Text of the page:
The Path to Autism Self-Advocacy

As parents of children with autism, we are their best advocate and indeed, advocating for them becomes a full-time job in itself. In the best of all possible outcomes, our children will one day be able to advocate for themselves. 

In a recent interview with Autism Hangout, clinical psychologist and author Dr. Sarita Freedman has identified three steps to achieving self-advocacy for those with autism.

The first is awareness. The child with autism becomes aware of their feelings and the feelings of others. They become adept at identifying sources of personal stress and developing strategies of self-regulation. Past experiences are able to be retrieved and utilized. 

After this comes acceptance. They know and assimilate that they have autism. They don’t have to like it, but they do have to recognize it as a part of who they are. 

Out of this grows self-advocacy as they feel empowered to disclose their autism and seek accommodations in school and the workplace that assist them in their daily lives.

In delineating this progression, Dr. Freeman has also identified a spectrum within the autism spectrum. Still, it’s not completely linear. My own sons with high-functioning autism have both accepted their autism. But one of them still struggles with self-regulation if his environment is not carefully crafted to be free of stress. He certainly shares with others that he has autism, but has not yet articulated what that means in terms of understanding him personally nor the accommodations he requires. 

My other son’s progress is more of a straight line. He has by-and-large achieved awareness and acceptance, yet has never disclosed his condition to anyone. And at age 15, has never taken the initiative to approach his teachers for homework accommodations, despite being encouraged to do so for years. An extremely shy and private person, I don’t know that he ever will. While very bright, he is constantly besieged by his homework and never makes grades that mirror his true abilities. For him, technical school seems the best option so that he can pursue his special interest in electronics and jettison the stress of studying subjects that don’t pertain to his passion. 

A book exists to help young adults on the autism spectrum explain their personal qualities, strengths, and difficulties to friends, teachers, employers and colleagues. Ask and Tell: Self-Advocacy and Disclosure for People on the Autism Spectrum by Stephen Shore provides great advice that can help individuals with autism achieve their personal and employment goals. Even though my sons are fifteen, I’m going to buy a copy for them in hopes that it sparks something in them. Their level of independence as adults remains to be seen.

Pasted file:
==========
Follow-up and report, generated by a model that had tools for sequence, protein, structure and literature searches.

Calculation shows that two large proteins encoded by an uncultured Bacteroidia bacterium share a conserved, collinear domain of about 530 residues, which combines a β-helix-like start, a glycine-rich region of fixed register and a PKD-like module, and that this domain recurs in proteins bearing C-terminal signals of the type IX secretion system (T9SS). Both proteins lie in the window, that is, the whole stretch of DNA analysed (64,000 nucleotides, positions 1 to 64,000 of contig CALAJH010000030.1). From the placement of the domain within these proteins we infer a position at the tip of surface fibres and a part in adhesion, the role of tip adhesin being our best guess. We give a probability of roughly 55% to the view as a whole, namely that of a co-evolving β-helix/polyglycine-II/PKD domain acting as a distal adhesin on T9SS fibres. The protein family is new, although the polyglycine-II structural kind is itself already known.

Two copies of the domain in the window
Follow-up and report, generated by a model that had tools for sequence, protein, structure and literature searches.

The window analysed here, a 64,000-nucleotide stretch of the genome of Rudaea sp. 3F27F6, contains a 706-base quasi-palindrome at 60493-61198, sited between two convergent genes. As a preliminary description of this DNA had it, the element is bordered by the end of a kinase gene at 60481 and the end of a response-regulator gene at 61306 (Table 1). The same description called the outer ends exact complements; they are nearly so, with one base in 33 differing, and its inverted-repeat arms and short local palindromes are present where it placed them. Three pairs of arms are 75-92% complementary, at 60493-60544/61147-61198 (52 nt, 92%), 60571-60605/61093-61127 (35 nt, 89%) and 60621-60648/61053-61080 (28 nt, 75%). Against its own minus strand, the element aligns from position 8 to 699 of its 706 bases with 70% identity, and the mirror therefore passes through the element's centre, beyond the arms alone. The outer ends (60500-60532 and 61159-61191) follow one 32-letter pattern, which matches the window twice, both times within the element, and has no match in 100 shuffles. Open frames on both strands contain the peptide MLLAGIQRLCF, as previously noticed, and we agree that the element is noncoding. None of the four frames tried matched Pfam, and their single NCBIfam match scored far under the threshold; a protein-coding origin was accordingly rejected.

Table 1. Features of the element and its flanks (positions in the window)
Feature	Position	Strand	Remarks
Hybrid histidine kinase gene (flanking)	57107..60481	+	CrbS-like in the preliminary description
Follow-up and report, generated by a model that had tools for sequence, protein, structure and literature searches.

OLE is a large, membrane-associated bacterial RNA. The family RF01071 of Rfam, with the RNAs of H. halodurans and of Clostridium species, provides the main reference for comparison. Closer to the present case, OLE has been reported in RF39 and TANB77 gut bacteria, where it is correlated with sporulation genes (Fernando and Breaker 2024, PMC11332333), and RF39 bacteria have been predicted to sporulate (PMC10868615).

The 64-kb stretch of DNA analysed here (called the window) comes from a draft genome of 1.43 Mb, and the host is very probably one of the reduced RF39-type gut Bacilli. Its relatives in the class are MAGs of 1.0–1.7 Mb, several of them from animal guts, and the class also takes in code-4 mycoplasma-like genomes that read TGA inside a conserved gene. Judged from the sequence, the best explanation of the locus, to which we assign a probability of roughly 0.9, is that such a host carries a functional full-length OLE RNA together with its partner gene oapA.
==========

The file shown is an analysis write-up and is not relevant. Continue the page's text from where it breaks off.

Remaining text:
Of course, self-advocacy isn’t an achievable goal for every individual with autism. Not everyone can be the next Temple Grandin. Progress in awareness will be the life journey of some. 

And what a noble journey that is.

4 Responses to The Path to Autism Self-Advocacy

  1. Jennifer says:

    Lack of brain synchronization is a factor in autism according to a new study. Another study suggests siblings share a genetic predisposition. Here is a great article about the study:

  2. Susan says:



  3. Hi Susan, Thanks for offering such a wonderful synthesis of my thoughts on self-advocacy, and for posting the video. You’re absolutely right, there is a continuum or spectrum of the ability to achieve self-advocacy and not all individuals will be able to achieve higher levels of self-advocacy. So much depends on the functioning and language level of the individual. What I do see is that it self-advocacy is a process that unfolds over time, and many individuals are still working on this skill well into their 20′s. Typically we’d expect a neurotypical individual to have this skill at a younger age. What’s encouraging to me is that given time and ongoing intervention, people on the autism spectrum continue to grow and mature, some just at a slower pace. Hopefully you’ll experience this growth with your sons as they progress on the self-advocacy trajectory. Thanks again for posting my information! Sarita Freedman, PhD

  4. Susan says:

    You are most welcome. I found your perceptions very interesting and thought provoking.
    It’s a delight to hear from you!

    Susan Moffitt

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Did You Know?

  • * In 1970, Autism affected 1 out of 10,000 children
  • * Autism now affects 1 out of 88 children
  • * Autism affects 1 in 54 boys
  • * 1.7 million Americans have some form of autism
  • * 4 out of 5 autistic children are boys

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